Following up on the success of the Lincoln Zephyr, Ford Motor Company president Edsel Ford and his chief stylist E.T. “Bob” Gregorie worked together to create an upmarket personal luxury car to slot above the Zephyr and below the custom bodied full-sized Lincolns. Using the Zephyr chassis as a base, a new body was penned by Gregorie, one that was graceful and elegant with minimal adornment. Aptly named Continental; it sat low on the chassis with fully enveloped running boards and a long hood covering the proven Lincoln V-12 engine. After the initial prototype proved to be a hit with Edsel’s wealthy friends, the Continental was put into production largely unchanged from the prototype. It was made available as either a handsome closed coupe or a convertible. Bob Gregorie’s work on the car was so well-regarded in its day that the great designer Frank Lloyd Wright declared it the most beautiful car in the world. It was unmistakable and very usual in its day, with very little chrome, a sweeping v-shaped grille, and fenders that emphasized the long, low shape; it remains to this day one of the most elegant American production cars of all time.
The fine 1941 Continental Convertible recently comes from a large private collection of late pre-war and early post-war Fords and Lincolns. The restoration has been done to show-driver standards, and it has seen regular use since the restoration was completed. It has been elegantly finished in deep maroon paint over a beige leather interior and a tan canvas cloth top. The paint quality is very good, with nice panel fit and finish. Of course the signature of the Continental design is its purity, so exterior additions are limited to fender skirts, wide whitewall tires, and a rear mounted “continental kit” spare wheel. The interior, trimmed in beige leather, has been correctly restored to a fine standard of quality. Since the restoration, it has taken on a pleasing and inviting patina. Being a very prestigious car in its day, it is well-equipped with a radio, heater, power operated convertible top, clock, and full instrumentation. The dash is restored with proper wood-grain finish, and the instruments and steering wheel are in very good condition.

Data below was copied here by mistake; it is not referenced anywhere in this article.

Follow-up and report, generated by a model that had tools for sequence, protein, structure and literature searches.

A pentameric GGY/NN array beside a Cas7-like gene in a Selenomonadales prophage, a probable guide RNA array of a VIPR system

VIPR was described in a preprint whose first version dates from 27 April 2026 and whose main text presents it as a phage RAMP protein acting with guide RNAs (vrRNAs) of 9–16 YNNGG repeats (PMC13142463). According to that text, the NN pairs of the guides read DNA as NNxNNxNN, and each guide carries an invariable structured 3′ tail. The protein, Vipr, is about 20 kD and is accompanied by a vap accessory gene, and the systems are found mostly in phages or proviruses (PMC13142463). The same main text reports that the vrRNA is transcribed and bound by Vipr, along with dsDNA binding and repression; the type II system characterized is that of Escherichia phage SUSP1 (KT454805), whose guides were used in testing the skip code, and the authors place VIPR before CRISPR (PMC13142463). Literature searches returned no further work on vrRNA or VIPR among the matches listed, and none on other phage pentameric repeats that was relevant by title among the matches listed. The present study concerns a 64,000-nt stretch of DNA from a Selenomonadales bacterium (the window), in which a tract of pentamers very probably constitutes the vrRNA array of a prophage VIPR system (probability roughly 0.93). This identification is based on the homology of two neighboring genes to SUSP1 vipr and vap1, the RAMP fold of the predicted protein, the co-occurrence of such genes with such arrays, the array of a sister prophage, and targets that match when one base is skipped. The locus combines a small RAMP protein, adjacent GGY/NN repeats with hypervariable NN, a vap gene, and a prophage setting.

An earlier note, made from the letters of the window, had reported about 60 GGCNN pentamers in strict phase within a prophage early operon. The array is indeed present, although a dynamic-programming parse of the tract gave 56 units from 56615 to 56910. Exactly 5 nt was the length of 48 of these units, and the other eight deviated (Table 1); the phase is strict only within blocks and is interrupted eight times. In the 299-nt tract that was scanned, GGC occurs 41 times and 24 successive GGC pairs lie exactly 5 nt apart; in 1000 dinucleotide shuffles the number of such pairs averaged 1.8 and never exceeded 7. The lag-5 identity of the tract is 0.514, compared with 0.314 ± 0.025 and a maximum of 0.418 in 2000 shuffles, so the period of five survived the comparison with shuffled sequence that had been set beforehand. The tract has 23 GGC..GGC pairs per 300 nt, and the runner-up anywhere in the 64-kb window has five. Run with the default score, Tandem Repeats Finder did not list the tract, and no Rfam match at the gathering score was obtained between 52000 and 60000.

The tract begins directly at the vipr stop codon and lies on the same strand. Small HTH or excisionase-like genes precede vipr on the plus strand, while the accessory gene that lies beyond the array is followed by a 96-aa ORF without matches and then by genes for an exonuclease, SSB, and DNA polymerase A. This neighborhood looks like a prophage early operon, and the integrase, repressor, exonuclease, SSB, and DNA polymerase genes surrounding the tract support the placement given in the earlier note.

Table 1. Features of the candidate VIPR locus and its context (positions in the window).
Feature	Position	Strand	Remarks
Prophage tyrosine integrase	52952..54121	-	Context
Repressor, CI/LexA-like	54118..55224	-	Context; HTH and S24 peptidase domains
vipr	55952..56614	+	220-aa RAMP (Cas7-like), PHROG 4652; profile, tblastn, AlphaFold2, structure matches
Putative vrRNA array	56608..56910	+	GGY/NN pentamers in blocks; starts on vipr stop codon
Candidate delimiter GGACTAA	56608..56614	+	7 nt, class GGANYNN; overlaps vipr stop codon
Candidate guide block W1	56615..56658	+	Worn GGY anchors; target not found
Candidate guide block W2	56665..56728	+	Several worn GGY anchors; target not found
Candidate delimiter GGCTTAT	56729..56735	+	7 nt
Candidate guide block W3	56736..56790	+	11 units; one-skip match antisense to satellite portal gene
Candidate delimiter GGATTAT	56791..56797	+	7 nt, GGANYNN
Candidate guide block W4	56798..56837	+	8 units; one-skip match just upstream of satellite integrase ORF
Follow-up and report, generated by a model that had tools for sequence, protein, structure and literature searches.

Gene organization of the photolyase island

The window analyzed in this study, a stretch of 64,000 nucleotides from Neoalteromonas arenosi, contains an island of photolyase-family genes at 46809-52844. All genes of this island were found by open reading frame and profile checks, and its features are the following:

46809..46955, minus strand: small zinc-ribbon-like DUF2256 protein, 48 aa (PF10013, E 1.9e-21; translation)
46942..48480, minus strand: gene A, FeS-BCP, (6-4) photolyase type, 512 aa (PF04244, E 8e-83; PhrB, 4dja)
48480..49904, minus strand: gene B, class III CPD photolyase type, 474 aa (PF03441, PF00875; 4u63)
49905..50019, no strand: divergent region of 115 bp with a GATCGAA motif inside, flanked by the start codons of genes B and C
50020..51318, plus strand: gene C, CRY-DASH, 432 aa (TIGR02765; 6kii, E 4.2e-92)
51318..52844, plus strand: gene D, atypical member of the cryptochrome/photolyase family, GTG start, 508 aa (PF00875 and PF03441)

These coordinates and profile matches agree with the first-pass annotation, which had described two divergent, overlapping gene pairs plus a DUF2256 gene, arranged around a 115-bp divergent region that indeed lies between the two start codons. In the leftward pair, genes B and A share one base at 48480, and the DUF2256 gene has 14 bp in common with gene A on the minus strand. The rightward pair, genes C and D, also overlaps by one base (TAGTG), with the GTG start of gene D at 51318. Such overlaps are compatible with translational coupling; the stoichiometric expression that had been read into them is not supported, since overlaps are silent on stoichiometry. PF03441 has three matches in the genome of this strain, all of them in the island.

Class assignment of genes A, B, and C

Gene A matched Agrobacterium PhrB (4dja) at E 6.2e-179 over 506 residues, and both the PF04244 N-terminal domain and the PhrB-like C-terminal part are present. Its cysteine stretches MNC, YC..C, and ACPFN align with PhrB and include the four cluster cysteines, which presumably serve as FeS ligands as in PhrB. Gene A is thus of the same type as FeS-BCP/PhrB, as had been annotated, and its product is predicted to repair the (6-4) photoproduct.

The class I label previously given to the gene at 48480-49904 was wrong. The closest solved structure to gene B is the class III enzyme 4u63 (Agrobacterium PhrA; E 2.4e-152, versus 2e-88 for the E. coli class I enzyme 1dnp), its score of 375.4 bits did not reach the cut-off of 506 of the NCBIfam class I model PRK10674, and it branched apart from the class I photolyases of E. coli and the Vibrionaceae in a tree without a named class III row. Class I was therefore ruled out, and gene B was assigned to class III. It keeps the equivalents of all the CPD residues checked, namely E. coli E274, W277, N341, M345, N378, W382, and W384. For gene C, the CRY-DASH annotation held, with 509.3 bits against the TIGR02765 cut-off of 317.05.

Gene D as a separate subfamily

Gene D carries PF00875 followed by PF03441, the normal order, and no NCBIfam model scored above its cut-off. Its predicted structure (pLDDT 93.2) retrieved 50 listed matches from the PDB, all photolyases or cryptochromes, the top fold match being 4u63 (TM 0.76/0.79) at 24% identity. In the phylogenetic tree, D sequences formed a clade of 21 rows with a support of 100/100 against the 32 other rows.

The flathead V12 engine looks impressive and is very well detailed in the engine bay. This engine was never intended to make big power, but rather, it was highly regarded for its smoothness in operation. Quiet, silky and with a broad, flat torque curve, it provides effortless operation whether tooling around town or touring long distances on main roads. A three speed manual transmission feeds power to a standard Columbia 2-speed overdrive rear axle. And therein lays the beauty of this fine quality example; it has been restored to a fine cosmetic standard suitable for showing, yet it is pleasingly broken in and ready for touring.
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